by Jared Goguen
Last Updated April 18, 2018 19:19 PM

Every resource I have found states that the sample variance of a normal random variable follows a $\chi^2$-distribution such that $(n-1)\dfrac{s^2}{\sigma^2} \sim \chi^2_{n-1}$.

I am confused about how to find the $P$-value for a two-tailed test when the $s \approx \sigma$. Suppose $s$ is very slightly less than $\sigma$. I would expect that the $P$-value of a two-tailed test could be found by multiplying the left-tail area by $2$. However, this produces a $P$-value that is greater than $1$.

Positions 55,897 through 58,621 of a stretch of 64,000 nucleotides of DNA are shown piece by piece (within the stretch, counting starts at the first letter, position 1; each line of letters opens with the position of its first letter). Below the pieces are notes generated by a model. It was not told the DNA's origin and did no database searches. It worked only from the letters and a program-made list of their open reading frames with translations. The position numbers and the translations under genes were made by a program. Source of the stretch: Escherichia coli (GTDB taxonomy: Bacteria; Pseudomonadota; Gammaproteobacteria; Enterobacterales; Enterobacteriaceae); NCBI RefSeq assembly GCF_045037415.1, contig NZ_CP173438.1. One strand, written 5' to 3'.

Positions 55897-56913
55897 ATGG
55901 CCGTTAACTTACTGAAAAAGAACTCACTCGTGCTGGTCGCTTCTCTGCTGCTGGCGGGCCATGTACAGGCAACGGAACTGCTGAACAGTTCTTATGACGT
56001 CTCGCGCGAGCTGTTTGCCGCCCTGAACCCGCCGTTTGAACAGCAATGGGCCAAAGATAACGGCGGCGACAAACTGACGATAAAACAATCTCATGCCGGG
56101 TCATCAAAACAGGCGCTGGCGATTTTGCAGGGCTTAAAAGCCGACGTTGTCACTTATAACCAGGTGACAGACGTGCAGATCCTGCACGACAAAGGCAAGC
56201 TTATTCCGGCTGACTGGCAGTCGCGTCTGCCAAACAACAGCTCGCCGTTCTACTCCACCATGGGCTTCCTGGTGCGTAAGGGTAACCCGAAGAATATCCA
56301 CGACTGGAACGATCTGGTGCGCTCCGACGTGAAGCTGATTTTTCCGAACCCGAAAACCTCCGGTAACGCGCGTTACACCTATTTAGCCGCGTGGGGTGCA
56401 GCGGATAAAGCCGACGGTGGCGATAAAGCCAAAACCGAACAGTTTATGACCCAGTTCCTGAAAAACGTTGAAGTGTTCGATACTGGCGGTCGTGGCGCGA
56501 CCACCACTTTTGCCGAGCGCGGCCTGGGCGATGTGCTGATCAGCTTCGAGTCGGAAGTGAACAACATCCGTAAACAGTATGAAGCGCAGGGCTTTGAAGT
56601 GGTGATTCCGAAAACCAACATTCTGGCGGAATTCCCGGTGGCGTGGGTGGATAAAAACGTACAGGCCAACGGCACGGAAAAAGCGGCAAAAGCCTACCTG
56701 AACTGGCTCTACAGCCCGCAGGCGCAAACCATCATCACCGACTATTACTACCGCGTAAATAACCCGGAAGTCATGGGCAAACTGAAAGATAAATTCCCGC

Many technologies instead use the right-tail area (which is less than $0.5$) and multiply that by $2$, but this does not sit well with me because **(a)** the sample variance is less than the population variance, and **(b)** this makes the upper limit for a $P$-value strictly less than $1$.

Am I missing something here? Is there a good way to calculate the $P$-value for this type of test that does not run into these issues?

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